One week after the “Superstar Shake-Up,” SmackDown Live hit Louisville, Kentucky last night (April 18, 2017) to determine a new number one contender for the WWE Championship. For full results and the live blog from the exceptional Reverend Kain, click here.
A long time ago, a SmackDown Live reviewer who shall rename nameless said this about the show’s first episode after the brand split:
The good thing about Smackdown Live is that it has a distinct identity—you absolutely know what you're going to get.
Unfortunately, what you're going to get is the very worst of soul-crushing WWE programming.
Needless to say, that didn’t turn out to be the case. Hindsight proved that opinion, if not wrong (because that episode was truly poor), very premature.
So with that very special caveat ... this show was bemusing, to say the least.
Don’t hinder the Jinder
Jinder Mahal pinned Sami Zayn following interference from The Bollywood Boyz in a Six-Pack Challenge to determine the number one contender for Randy Orton’s WWE Championship.
At least the match was good?
Set aside the questions about his physique and that he possibly injured Finn Balor last week on Raw—though Finn working last night would seem to dispel that notion. After the match, amid a loud chorus of boos, Mahal cut a promo noting that Americans are bad at accepting diversity.
Having the loathed heel argue in favor of diversity while being heavily booed is really poor. It’s made even worse given the rising number of hate crimes around the country, including the murder of an Indian man in Kansas not two months ago—who was deliberately targeted for being foreign (the killer had thought he was Iranian).
This is incredibly messy and simply terrible optics. Do better, WWE. Do way, way better.
Aside from all that, Jinder is actually a pretty decent talker, is a fair worker (though this apparent push is a bit odd after he cold cocked Balor last week), this is only a transitional feud, and boy did he get booed.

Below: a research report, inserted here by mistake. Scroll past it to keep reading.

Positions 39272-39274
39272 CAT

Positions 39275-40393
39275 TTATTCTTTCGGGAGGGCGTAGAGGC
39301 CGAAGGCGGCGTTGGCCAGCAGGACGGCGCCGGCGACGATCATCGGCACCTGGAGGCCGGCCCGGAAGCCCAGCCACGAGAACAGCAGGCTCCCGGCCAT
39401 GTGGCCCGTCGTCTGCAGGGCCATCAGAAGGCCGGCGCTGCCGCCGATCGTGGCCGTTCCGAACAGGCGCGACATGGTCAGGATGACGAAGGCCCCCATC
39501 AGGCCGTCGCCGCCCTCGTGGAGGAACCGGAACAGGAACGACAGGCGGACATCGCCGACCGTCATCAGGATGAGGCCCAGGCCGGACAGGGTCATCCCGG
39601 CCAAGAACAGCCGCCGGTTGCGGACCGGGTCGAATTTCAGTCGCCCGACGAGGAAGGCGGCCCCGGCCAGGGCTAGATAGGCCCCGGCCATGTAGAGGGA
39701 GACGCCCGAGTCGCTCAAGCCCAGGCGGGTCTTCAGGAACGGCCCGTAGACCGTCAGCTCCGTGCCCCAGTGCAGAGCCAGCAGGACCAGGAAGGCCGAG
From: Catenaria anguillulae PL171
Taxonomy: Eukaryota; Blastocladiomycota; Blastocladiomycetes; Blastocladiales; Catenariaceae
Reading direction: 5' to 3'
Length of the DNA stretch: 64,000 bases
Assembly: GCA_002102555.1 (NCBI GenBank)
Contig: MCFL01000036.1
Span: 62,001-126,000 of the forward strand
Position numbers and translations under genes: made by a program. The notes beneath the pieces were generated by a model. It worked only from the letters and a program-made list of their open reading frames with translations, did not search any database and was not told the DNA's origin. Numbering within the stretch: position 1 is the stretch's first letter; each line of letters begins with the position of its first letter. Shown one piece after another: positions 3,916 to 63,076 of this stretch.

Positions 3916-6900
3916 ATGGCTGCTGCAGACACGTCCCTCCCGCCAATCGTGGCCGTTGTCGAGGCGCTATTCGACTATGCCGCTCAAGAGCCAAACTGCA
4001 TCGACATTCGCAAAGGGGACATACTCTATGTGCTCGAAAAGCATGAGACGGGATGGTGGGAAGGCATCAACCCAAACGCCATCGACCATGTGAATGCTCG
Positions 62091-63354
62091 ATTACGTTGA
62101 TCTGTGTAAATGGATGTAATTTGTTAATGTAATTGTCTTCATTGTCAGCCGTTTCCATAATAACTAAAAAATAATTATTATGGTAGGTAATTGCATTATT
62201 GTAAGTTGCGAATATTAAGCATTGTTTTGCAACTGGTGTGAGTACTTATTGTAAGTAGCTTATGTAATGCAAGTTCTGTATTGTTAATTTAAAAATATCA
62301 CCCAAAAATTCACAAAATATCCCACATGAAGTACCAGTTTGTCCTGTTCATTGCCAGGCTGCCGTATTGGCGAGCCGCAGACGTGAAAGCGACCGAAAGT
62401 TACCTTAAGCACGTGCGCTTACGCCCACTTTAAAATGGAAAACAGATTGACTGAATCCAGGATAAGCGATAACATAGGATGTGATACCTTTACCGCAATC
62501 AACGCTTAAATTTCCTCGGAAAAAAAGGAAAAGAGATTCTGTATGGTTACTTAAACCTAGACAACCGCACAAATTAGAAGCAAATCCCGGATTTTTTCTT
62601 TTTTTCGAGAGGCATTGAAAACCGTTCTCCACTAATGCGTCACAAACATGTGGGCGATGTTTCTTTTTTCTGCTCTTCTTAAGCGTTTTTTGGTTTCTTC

Yet one can’t get past the idea of Jinder Mahal fighting for the WWE Championship in 2017. The man was a jobber as of like two weeks ago.
Yes, the top title was already immensely damaged by the disastrous end (wait, it’s still going on? Wyatt appeared on this show to talk more nonsense? Whatever) to the Orton-Bray Wyatt feud.
But Jinder Mahal?
All ... right?
(You’ve got Luke Harper right there!)
WWE Champion Randy Orton came out to confront his new number one contender, said he was going to RKO him in due time, and then talked about his feud with Bray Wyatt—while Jinder was still standing in the ring! Bray popped up on the tron and yada yada’ed.
Mojo Rawley has a great finisher, by the way.
Zayn also demonstrated his greatness in a terrific fallout video.
The Queen is here
Oh boy is she ever.
Charlotte opened the show and in a perfect encapsulation of her character immediately demanded to know why she hadn’t already been given a title shot. That entitlement complex can be utilized in a lot of different ways, and she’s very good at presenting it in a wonderfully antagonizing way.
SmackDown Women’s Champion Naomi came out to defend the division and put the newcomer in her place. Naomi accepted Charlotte’s challenge for a title match as the pair squared off verbally, which quickly resulted in fisticuffs when Naomi tired of Charlotte’s act. But instead of the championship bout, Commissioner Shane McMahon came out to make a non-title match for later in the show. If Charlotte were to win, she would earn a title match for next week.
The problem with making it that plain—literally all you have to do for a title match is ask—is that now every other Superstar looks like an idiot for not asking for a title match each and every week. There’s got to be better justification than that, even if it’s merely from the “Because I’m John Cena” school of reasoning. Spell. It. Out.
The match was pretty decent and got an impressive amount of time. There’s no doubt that Charlotte’s presence is going to be a huge benefit for the SmackDown’s women’s matches.
Charlotte won clean following Natural Selection.
Stunned, aren’t you.
Surely Charlotte won’t win the title next week, as the trio of legacies is certain to get involved in some way. It would also geek out Naomi in a big way right when she’s starting to find her groove and take off as a babyface. Thankfully, there’s no recent precedent of any booking decisions like that. None whatsoever. Can’t think of any examples.